Wednesday, May 02, 2007
 
 
Jack, have you told your boss everything you told us here? If so, who could your boss know nothing about your job? If not, why would you expect to be recognized for all that you do?

Talk to the people that are in charge of you and let them know your concerns and what you do for the organization. If things continue to be problematic, you have to decide if you like the job enough to hang around, do you have any hope of fixing what's bothering you, or do you need to move on?

Assuming that you are doing as good a job as you think you are doing, I don't see how they won't try to make some adjustments to help you better do your job, reward you for your effort, or both.

They also may take the view that what you are doing IS your job, in which case you are probably SOL and they will think you are simply whining.
Bart Park
Wednesday, May 02, 2007
 
 
Get a job offer from elsewhere, quit, then offer your services as a contractor for an insane amount, and see what happens.
mynameishere
Wednesday, May 02, 2007
 
 
Here is the question to ask yourself...

how much are you learning?
Are you getting better?
Is working hard going to help you get a better job?

If the answer to these is yes, disregard your co-workers. if you think you know enough to get another job, do it.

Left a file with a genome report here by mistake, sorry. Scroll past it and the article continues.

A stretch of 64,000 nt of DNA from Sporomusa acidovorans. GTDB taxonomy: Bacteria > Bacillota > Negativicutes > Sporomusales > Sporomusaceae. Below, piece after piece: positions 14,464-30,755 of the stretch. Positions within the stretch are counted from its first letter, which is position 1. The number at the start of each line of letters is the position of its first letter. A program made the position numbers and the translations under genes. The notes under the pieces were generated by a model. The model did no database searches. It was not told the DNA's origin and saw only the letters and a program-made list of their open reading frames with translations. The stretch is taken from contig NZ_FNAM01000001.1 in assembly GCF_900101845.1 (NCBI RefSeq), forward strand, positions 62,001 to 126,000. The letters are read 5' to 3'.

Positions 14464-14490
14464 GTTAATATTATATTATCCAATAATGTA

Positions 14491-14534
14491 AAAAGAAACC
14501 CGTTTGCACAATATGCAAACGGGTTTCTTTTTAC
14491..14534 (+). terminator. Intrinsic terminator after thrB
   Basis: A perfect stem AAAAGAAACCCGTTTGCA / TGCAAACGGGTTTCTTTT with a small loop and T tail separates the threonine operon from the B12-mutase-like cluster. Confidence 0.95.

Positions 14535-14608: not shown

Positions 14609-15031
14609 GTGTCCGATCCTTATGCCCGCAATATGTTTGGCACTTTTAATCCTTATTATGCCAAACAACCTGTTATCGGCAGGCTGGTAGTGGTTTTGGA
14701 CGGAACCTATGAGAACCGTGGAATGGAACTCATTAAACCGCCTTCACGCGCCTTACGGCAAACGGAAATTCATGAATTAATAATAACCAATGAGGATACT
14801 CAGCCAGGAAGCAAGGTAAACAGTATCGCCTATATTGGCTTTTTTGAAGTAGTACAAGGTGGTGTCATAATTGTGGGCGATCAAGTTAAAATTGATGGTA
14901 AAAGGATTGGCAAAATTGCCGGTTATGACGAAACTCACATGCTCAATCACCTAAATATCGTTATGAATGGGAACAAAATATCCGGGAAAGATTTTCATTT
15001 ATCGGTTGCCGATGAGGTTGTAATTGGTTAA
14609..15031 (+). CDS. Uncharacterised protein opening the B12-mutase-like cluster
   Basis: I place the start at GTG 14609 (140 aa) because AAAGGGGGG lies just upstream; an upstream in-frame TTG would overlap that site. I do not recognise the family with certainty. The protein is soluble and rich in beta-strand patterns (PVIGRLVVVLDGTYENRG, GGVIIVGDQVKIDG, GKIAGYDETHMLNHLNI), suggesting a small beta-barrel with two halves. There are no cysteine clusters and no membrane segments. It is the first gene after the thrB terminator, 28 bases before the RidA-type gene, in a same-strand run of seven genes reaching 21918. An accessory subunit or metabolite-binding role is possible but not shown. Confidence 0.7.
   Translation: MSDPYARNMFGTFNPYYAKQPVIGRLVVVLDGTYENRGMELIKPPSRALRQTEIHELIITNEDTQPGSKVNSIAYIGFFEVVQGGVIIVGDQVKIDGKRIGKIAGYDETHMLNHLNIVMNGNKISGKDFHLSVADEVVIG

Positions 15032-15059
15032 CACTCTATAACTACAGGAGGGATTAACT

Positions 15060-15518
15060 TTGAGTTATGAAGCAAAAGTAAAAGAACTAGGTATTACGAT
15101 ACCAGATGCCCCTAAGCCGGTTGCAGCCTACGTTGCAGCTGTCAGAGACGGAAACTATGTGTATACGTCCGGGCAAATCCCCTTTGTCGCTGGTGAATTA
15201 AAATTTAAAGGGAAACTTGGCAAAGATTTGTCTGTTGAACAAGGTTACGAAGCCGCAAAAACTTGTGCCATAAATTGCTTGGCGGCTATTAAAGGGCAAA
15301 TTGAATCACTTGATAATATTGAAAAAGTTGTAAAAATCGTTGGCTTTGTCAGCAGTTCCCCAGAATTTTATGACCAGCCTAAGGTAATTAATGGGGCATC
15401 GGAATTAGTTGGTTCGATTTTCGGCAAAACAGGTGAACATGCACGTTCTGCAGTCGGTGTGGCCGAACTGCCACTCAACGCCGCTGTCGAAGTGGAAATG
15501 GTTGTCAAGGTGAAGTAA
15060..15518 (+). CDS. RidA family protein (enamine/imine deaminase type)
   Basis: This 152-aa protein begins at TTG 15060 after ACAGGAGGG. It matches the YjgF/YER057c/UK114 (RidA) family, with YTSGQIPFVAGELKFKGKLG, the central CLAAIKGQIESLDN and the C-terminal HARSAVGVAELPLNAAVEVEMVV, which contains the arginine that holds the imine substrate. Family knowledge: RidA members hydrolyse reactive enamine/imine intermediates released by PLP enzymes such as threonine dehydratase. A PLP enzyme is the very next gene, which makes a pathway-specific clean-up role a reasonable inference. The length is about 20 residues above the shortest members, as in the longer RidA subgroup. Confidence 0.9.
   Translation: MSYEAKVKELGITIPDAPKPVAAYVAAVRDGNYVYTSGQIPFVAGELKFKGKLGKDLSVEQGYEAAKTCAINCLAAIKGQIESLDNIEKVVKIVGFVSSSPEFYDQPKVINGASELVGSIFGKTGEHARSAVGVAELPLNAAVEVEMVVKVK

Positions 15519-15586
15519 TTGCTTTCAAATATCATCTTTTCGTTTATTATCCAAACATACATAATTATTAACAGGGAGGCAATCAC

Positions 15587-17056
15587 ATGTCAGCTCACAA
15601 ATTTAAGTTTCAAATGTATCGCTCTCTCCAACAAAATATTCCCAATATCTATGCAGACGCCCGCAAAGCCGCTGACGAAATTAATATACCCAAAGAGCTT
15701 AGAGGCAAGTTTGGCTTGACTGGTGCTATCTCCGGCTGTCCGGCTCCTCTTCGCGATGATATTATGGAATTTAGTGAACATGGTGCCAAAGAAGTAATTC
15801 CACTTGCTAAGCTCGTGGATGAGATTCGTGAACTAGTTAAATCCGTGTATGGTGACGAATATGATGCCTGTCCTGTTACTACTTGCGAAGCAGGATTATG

the key is keep learning.
Contractor
Wednesday, May 02, 2007
 
 
You might want to read the 48 Laws of Power... while looking for a new job.
Documentation Doctor Send private email
Wednesday, May 02, 2007
 
 
You are in control and do not recognize it.  That is the way management wants it to be because it would be very difficult to replace you.  When I entered the field well over twenty years ago, what you are doing at work was the norm.  However, in the day and age of the hyper-specialized, pigeon-holed, lower-skilled workforce, you are the exception.  You need to exert your dominance or management is going to continue to dominate you.
Be firm
Wednesday, May 02, 2007
 
 
maybe, you should get a new job. But, "Work Distribution" problems is a constant problem. This often happens!

I know in our group of 9, that 3 of us have been working a lot of hours.
Patrick From An IBank Send private email
Wednesday, May 02, 2007
 
 
I suggest you do a little reading:
Negotiation for Dummies http://www.amazon.com/exec/obidos/ASIN/0470045221
Get a Raise in 7 Days http://www.amazon.com/exec/obidos/ASIN/1570230994

Then try to get a raise, and if you don't like the turn out, find a new job.  Your coworkers are pretty standard office fare at full time jobs.  Perhaps you should jump on to the contractor boat, then you won't have to deal with those kind of people.
TravisO Send private email
Wednesday, May 02, 2007
 
 
"I faced exactly the same situation. Idiots who don't work got promoted ahead of me and I'm moving."

This seems to be a very common problem these days.  Is this the case in all large companies?  Seems the bullshitters are the ones getting ahead while those who get stuff done are left behind.